“Best of the year” lists have been mushrooming, but, understandably, most of them tend to emphasise longer, more substantial works: graphic novels, collected editions and ongoing series. Here, by contrast, are some of the shorter pieces of comics I have enjoyed through the year, none of them long enough to fill a single issue. (But you can, at least, click the pictures below to make them bigger.)
”You’re A Good Man, John Stuart Mill” by Fred Van Lente and Ryan Dunlavey. Not all of van Lente and Dunlavey’s Action Philosophers (Evil Twin Comics) worked for me, either as entertaining comics or as potted accounts of the thought of major philosophers. But this spot-on Charles Schulz pastiche hit both targets perfectly.
Mark Waid’s super-hero origin stories from 52. As superhero comics sank into a congealed mass of stodgy continuity, Waid performed small miracles every week by boiling down the essence of each of DC’s main cast and presenting it in just two pages. It didn’t hurt that the series attracted artists like Brian Bolland and Adam Hughes, long lost to the more lucrative field of cover illustration, back to telling stories instead. Here are Waid and Hughes on Wonder Woman, from 52 issue 12.
My Own Genie by Jamie Smart. British children’s humour comics have long been refreshingly free of moral didacticism. If My Own Genie was a TV series, Lula, after wishing for something selfish and irresponsible, would have to put it right, while learning a Valuable Life Lesson. In The Dandy, she can just compound the mayhem, while having a good time. It helped that the once-staid publisher D C Thompson is willing to publish artwork as wild as that provided by Smart. This example is from The Dandy Summer Special 2007, as the strip was sadly missing from the regular title for most of the year.
”Maggie La Loca” by Jaime Hernandez (Love and Rockets Vol 2 Issue 20, Fantagraphics). If brother Gilbert is the Gene Kelly of comics, all flash and effort, Jaime is the Fred Astaire: he makes it all look so simple that it’s easy to underestimate the amount of talent, skill and craft he employs. Plus, I’ve got a soft spot for long-running fictions that age their characters in real time.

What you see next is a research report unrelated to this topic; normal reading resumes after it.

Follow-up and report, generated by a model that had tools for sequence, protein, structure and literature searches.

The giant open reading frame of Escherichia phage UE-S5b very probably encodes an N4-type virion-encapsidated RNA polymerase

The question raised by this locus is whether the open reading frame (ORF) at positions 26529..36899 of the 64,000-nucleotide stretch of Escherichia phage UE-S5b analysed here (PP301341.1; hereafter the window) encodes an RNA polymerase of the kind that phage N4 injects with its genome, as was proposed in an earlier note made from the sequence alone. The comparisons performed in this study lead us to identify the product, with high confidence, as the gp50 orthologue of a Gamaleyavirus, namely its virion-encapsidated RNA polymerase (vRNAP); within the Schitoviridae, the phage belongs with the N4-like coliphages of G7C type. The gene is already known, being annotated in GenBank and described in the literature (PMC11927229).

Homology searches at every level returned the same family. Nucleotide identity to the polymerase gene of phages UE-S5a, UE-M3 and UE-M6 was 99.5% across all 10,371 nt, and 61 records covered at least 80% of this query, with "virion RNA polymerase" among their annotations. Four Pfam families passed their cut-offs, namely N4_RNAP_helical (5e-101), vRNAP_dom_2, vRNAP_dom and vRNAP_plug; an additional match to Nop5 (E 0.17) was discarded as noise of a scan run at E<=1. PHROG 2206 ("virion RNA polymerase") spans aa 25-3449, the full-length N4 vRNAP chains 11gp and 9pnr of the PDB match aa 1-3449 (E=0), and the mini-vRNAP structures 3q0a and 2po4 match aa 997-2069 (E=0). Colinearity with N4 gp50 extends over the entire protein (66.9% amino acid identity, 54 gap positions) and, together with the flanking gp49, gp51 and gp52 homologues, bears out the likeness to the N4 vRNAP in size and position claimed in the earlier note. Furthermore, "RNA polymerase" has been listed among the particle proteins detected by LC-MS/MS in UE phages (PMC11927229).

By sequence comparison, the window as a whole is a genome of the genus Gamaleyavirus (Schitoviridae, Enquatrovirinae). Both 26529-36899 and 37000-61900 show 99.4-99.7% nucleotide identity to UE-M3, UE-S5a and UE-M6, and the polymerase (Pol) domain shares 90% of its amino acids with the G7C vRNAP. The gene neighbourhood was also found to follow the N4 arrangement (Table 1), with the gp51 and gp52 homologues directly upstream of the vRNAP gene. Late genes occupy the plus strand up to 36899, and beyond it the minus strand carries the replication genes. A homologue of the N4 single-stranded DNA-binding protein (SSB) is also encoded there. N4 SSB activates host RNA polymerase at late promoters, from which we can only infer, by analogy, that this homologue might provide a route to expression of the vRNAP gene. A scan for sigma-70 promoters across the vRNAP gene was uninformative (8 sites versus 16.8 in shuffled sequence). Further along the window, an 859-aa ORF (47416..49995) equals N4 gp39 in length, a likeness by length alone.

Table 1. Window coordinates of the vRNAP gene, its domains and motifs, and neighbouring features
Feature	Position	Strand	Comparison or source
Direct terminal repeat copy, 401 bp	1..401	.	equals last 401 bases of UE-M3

Tom Gauld’s letter column illustrations from The Guardian. Weird little flights of fancy that brighten my Saturdays. This one is from 1 December.
Eleanor Davis’s pieces in Mome (Fantagraphics) are often the highlights of this consistently interesting and well-produced anthology. Their unsettling charm makes me wonder if this is how the first generation of comfortable burghers felt when reading the earliest, unbowdlerised Grimm folk tales. These panels are from “Stick and String” in Mome issue 8.
Bryan Talbot’s 3-page History of British Comics, using his Alice in Sunderland style and published by The Guardian to accompany the BBC’s Comics Britannia TV series. I missed this when it came out. For the next few days, my every conversation began, “You didn’t happen to buy The Guardian on Saturday, did you?”
The Mini Marvels, by Chris Giarrusso, appear seemingly at random and often unheralded in various Marvel comics. Really, they should get the cover every time, because Giarrusso’s kiddy versions of the Marvel superheroes are a charming delight, matched only by Jeff Parker’s occasional short X-Men strips with Colleen Coover. This panel comes from “Hulk Date”, which appeared in Spider-Man Family issue 3.
Jack Black from Viz comic. Of all Viz’s parade of grotesques, nothing quite captures the true, vindictive, self-righteous, Daily Mail-reading face of modern Britain quite like Jack Black.
And a Merry Christmas to you, too